If you’ve ever had mononucleosis (“mono,” for short), you carry the Epstein-Barr virus (EBV). It’s a virus in the herpes family, and it can cause diffuse, body-wide symptoms—even when it lies dormant in your system. So even though your mono may have cleared up decades ago, EBV is still hiding in your tissues, potentially turning up the dial on fatigue, joint and muscle pain, mood disorders, and thyroid issues.
But all readers should take heed: It’s estimated that 95 percent of the population carries the virus, whether we’ve had full-blown mono or not. “Most of us just go through life as carriers, totally symptomless, never knowing we have it,” says midwife Aviva Romm, M.D., author of the new book The Adrenal Thyroid Revolution.
What’s more, we can be exposed to the virus at any time—and symptoms can wax and wane our whole lives. A strong immune system typically wrestles the virus into submission, keeping potential symptoms at bay. But periods of extended stress and major life change weaken the immune system and increase susceptibility to EBV infection and/or reactivation, as well as all the unpleasant symptoms that come with it, says Romm.
Exposure to EBV comes from intimate contact. Mono is best known as the virus of smooching teenagers, after all! But far less romantic acts also shuttle the virus from body to body, such as sharing a glass of water or taking a hit off of a shared cigarette or joint.
Once contracted, EBV can lay dormant and unnoticed, get dialed all the way up to full-blown mono, or get reactivated to any level in between. Specific symptoms can include:
- Lack of appetite
- Swollen lymph nodes
- Sore muscles
Conventional tests “are readily available and generally reliable for testing for EBV,” says Romm. If you want to know your EBV status, she recommends asking your doctor for (1) a complete EBV acute panel and (2) a chronic infection panel. Your doctor will be able to help you interpret the results.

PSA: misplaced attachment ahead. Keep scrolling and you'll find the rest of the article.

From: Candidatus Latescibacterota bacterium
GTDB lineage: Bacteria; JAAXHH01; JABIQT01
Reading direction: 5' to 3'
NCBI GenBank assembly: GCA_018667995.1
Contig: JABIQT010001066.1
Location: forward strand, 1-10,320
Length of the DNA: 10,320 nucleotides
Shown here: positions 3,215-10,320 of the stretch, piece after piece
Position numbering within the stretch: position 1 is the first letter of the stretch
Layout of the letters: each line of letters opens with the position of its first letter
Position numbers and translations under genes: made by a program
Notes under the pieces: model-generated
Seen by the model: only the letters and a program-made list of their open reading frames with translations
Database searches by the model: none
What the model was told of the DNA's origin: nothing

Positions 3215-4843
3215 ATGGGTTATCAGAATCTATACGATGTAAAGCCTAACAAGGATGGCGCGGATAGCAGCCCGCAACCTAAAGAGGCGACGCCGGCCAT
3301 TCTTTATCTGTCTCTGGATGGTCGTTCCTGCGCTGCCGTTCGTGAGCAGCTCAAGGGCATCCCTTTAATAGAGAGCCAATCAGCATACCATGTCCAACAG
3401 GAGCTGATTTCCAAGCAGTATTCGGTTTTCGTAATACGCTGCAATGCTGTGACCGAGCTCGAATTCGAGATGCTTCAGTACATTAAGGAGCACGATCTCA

While EBV may hang out in our tissues indefinitely, we can use natural lifestyle strategies to keep symptoms quiet, says Romm. Here are her top three strategies:
Repair your gut. Seventy to 80 percent of the immune system is housed in the gut, so one of the first best steps in boosting immune function is to repair and support gut function. Consider taking a probiotic to populate the gut with good bacteria, and feed that bacteria with fermented foods like sauerkraut, kimchi, and kvass. Eliminating inflammatory processed foods and emphasizing phytonutrient-dense whole foods can also help.
Consider taking an immune-supportive herb. Romm recommends zinc, echinacea, and St. John’s wort. Together they offer antiviral, anti-inflammatory, and immune-boosting support. Reishi mushroom is another powerful immune modulator.
Prioritize sleep and rest. Getting enough high-quality sleep is essential for healing the immune system and fighting infections. So is taking stress reduction seriously. A hollowed-out adrenal system—the result of too much stress for too long a period of time—will shoot your other healing efforts in the foot.